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Australian Authorities Push for Encryption Backdoors After Internet Censorship Attempt

Australia ramps up calls for “accountable encryption,” pushing tech giants toward compliance with controversial backdoor legislation.

In a relentless bid to give some of the most authoritarian regimes in the world a run for their money where internet censorship is concerned, Australia’s government continues to come up with one dubious initiative after another.

Recently, there was an attempt to censor content globally (related to two stabbing attacks in Australia), and shortly after, the country’s intelligence chief Mike Burgess, and Federal Police Commissioner Reece Kershaw addressed the National Press Club, to launch yet another attack on encryption by urging compliance with encryption backdoors legislation.

Burgess chose to call this – “accountable encryption.”

It isn’t “accountable” right now because, while Australia has passed laws to essentially break encryption, those who are supposed to implement them, technology companies, are not cooperating.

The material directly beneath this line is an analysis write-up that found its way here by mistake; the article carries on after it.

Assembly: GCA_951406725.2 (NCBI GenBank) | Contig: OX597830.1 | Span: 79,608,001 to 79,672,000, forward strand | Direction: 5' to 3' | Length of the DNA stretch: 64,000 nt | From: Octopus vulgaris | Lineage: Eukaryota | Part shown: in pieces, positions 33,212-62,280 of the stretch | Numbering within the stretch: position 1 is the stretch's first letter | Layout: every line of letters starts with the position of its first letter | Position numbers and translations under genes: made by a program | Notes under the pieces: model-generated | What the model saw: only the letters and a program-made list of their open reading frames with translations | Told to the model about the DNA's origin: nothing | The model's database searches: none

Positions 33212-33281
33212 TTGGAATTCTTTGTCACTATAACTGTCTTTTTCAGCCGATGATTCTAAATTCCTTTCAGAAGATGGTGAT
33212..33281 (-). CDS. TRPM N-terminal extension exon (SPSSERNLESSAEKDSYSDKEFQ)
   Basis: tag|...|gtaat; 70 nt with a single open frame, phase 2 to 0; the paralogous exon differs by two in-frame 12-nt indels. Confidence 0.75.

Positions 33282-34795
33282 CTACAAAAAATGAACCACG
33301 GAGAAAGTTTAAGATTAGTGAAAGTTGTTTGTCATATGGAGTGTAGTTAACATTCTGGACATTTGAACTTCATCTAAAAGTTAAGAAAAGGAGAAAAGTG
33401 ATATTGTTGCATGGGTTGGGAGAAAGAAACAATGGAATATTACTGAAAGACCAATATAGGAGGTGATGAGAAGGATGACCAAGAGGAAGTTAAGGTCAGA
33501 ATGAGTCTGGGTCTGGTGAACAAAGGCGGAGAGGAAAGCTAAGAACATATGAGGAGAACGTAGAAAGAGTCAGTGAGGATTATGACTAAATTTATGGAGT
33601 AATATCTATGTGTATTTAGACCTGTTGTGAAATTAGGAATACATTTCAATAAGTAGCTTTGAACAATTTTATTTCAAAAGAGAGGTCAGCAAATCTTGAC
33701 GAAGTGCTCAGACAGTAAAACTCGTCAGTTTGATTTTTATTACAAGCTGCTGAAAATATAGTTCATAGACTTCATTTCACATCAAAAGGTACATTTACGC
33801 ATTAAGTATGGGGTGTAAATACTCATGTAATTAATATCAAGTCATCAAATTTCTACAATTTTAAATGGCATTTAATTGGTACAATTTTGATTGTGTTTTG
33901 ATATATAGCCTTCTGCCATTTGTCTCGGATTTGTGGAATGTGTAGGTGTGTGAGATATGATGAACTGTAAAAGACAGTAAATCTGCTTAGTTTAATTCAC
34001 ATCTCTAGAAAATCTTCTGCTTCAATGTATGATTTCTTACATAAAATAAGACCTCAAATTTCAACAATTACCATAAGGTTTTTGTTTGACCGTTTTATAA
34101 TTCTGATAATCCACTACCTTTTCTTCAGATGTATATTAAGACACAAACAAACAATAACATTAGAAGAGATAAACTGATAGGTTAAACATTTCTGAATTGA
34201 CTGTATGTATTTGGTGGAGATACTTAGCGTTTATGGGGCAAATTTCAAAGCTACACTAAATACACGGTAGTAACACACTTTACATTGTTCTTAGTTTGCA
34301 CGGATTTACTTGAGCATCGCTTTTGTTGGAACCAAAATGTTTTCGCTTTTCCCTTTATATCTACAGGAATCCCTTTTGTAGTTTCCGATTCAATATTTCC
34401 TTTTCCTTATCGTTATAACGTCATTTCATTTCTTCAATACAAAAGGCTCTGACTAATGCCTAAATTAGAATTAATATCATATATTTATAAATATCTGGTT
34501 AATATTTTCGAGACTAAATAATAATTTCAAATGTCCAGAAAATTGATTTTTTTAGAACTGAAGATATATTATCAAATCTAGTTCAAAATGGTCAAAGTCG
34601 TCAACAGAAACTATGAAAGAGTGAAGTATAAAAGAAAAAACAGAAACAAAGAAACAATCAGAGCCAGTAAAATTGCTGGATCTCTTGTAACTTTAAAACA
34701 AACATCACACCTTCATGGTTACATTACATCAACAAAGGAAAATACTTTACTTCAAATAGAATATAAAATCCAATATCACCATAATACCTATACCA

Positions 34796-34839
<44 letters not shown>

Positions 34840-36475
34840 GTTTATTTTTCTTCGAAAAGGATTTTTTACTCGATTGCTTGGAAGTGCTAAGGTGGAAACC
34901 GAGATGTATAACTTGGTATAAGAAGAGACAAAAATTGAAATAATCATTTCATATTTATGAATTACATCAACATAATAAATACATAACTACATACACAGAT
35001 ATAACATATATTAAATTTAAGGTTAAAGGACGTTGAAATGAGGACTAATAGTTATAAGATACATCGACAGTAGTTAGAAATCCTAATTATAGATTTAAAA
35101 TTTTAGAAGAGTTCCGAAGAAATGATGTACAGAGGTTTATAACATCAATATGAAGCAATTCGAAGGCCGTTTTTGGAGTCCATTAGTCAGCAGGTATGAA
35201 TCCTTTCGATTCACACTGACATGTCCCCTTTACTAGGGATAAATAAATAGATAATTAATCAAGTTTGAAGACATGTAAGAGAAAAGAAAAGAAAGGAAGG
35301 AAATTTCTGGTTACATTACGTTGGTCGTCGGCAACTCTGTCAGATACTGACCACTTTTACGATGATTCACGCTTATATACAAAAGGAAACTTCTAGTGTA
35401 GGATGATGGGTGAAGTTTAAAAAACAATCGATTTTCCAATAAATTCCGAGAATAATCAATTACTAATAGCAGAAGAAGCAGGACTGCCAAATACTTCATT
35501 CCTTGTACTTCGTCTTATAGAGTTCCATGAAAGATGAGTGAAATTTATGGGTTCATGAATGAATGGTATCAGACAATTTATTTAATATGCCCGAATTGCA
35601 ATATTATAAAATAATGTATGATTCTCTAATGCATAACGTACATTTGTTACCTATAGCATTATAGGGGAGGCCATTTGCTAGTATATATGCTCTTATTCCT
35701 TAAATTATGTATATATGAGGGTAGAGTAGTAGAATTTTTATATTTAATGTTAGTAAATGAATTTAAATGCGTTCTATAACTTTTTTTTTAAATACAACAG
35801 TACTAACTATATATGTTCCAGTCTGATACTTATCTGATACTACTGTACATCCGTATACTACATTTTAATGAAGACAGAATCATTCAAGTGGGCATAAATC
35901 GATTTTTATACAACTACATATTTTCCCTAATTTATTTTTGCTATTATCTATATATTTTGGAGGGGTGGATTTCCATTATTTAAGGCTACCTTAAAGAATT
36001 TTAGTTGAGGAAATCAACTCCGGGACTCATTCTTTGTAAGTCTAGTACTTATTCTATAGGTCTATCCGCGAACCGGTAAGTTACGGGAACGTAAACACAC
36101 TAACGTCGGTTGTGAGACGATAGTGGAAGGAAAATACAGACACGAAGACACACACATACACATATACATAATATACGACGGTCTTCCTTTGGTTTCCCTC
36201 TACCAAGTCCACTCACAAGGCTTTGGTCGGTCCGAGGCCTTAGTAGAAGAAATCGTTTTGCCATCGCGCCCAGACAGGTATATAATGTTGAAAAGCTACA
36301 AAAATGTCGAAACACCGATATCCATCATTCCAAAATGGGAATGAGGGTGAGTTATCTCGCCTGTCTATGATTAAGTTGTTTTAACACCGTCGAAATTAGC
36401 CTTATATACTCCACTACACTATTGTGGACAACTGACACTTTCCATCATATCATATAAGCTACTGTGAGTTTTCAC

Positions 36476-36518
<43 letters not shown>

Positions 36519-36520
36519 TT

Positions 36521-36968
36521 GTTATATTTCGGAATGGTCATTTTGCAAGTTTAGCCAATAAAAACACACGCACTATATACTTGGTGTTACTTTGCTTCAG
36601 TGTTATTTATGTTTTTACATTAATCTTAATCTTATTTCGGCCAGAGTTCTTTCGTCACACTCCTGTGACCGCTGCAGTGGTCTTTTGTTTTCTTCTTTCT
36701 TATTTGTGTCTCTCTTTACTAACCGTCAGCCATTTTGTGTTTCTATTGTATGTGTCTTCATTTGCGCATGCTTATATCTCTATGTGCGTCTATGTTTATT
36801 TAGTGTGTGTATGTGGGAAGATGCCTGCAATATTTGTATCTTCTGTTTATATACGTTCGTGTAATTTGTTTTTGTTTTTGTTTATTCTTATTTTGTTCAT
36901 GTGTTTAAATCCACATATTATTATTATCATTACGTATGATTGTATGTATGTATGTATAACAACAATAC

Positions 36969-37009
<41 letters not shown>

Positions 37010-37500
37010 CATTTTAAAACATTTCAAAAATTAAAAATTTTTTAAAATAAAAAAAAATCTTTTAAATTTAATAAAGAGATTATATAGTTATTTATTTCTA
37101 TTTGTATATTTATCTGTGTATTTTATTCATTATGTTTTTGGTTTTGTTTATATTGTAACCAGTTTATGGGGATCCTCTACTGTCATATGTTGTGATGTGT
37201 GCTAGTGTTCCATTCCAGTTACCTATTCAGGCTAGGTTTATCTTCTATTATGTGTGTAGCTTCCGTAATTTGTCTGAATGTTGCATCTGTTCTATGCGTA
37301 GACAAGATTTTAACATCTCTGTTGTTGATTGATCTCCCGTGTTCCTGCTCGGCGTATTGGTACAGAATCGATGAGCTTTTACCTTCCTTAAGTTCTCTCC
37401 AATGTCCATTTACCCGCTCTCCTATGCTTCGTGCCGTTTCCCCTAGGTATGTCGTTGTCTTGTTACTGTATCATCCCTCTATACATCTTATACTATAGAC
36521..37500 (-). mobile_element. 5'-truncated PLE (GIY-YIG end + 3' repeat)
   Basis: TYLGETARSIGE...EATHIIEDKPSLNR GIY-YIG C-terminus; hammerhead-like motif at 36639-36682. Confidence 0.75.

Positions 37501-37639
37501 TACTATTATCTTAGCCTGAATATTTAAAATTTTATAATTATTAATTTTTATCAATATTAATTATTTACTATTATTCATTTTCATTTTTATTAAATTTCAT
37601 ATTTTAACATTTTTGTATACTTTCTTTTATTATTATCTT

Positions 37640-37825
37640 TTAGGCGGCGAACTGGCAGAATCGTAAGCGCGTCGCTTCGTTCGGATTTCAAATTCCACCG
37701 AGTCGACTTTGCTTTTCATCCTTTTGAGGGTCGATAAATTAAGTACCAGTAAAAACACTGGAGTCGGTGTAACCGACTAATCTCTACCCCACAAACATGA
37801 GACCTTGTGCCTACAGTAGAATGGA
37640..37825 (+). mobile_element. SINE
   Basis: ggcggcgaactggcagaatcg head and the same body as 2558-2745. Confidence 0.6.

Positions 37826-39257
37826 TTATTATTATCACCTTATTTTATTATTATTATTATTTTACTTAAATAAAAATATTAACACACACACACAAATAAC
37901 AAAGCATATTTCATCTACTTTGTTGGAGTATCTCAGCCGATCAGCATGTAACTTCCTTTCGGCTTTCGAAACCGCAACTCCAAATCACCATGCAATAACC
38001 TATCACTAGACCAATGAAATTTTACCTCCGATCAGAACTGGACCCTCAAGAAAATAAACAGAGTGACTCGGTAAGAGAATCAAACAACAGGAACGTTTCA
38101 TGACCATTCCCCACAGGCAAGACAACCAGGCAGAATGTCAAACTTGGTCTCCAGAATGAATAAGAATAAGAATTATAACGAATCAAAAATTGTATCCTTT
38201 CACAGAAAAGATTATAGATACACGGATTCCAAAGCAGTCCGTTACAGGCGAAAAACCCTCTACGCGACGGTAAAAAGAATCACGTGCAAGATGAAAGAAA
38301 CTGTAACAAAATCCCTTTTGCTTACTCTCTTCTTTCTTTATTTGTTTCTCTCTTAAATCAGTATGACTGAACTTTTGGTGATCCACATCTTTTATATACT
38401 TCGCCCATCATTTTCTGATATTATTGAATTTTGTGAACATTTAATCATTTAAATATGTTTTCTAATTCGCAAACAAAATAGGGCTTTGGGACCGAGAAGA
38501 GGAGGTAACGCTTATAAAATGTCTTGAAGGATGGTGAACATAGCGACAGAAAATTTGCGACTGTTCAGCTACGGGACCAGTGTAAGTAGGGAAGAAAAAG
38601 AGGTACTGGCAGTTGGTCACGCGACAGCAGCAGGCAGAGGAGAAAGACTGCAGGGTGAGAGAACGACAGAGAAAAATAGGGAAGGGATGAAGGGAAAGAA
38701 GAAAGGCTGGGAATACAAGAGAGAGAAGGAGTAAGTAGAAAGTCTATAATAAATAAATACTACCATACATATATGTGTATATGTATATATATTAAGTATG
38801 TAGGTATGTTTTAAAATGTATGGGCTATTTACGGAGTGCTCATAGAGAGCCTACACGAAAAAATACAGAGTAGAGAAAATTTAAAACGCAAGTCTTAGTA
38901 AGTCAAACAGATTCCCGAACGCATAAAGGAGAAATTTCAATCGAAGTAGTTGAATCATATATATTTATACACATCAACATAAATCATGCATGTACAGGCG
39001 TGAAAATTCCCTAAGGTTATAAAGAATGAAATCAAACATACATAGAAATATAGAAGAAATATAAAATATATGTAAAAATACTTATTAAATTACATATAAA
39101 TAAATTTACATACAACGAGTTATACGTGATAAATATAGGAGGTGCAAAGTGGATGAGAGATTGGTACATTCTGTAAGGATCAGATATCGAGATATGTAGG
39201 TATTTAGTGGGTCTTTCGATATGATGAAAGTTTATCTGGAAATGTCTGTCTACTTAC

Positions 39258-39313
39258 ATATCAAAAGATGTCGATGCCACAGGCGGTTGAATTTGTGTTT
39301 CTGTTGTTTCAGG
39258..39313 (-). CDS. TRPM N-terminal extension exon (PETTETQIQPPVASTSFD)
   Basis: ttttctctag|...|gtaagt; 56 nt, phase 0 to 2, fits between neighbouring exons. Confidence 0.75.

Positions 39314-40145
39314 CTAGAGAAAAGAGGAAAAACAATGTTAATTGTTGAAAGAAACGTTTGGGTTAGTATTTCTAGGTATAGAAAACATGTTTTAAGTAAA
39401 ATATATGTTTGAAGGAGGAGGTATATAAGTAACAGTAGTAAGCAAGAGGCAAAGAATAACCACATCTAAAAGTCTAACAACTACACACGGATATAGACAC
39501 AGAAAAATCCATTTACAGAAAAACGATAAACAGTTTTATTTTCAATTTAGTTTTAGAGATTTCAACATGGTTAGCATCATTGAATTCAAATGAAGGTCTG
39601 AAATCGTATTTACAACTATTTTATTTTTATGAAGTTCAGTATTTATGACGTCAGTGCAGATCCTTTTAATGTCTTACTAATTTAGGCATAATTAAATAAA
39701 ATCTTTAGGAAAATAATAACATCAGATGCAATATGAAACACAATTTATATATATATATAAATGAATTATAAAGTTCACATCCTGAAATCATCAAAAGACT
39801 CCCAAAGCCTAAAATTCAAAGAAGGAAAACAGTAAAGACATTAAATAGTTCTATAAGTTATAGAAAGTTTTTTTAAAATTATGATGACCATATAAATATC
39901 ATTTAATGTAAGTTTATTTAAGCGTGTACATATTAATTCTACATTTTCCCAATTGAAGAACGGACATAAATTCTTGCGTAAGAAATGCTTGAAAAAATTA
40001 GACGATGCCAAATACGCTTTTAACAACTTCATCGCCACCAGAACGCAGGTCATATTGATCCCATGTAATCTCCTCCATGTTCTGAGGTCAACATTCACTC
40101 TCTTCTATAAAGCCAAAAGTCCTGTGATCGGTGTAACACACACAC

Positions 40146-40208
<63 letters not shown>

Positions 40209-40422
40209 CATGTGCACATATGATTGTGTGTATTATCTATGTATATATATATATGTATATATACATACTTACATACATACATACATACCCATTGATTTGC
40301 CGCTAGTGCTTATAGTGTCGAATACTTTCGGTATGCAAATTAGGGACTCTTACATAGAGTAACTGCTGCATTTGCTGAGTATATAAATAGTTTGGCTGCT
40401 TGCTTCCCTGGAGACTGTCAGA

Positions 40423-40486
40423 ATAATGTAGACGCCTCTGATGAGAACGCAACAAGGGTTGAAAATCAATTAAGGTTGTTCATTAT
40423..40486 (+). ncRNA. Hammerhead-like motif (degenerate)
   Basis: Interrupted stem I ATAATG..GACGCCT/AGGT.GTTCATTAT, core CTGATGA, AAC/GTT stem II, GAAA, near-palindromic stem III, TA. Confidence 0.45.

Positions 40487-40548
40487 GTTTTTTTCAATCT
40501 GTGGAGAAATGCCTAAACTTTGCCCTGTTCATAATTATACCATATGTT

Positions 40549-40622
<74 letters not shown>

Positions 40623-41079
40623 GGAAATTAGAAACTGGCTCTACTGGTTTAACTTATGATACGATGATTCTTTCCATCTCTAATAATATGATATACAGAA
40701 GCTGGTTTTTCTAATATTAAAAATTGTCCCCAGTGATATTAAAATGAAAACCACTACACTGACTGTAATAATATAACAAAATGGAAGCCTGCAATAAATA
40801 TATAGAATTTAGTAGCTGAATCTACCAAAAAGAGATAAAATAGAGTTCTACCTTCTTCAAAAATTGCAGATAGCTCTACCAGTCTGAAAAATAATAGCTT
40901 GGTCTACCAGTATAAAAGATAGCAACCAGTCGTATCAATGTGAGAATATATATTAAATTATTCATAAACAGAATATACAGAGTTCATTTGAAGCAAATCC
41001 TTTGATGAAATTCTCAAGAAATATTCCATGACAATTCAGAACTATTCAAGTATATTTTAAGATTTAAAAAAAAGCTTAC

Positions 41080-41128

“I am asking the tech companies to do more. I’m asking them to give effect to the existing powers and to uphold existing laws. Without their help in very limited and strictly controlled circumstances, encryption is unaccountable,” he said.

Burgess was careful to nestle his encryption backdoors plea among seemingly reasonable arguments, such as that encryption provides privacy and is “clearly a good thing” that “enables” transactions (he for some reason chose not to stress that it is in fact necessary for secure transactions).

But, the Australian spy chief went on, encryption also “creates safe spaces for violent extremists to operate, network and recruit.”

And it is their encrypted messages – and only theirs, governments around the world promise faithfully – that the authorities, as “good actors,” would like to be able to access communications at will.

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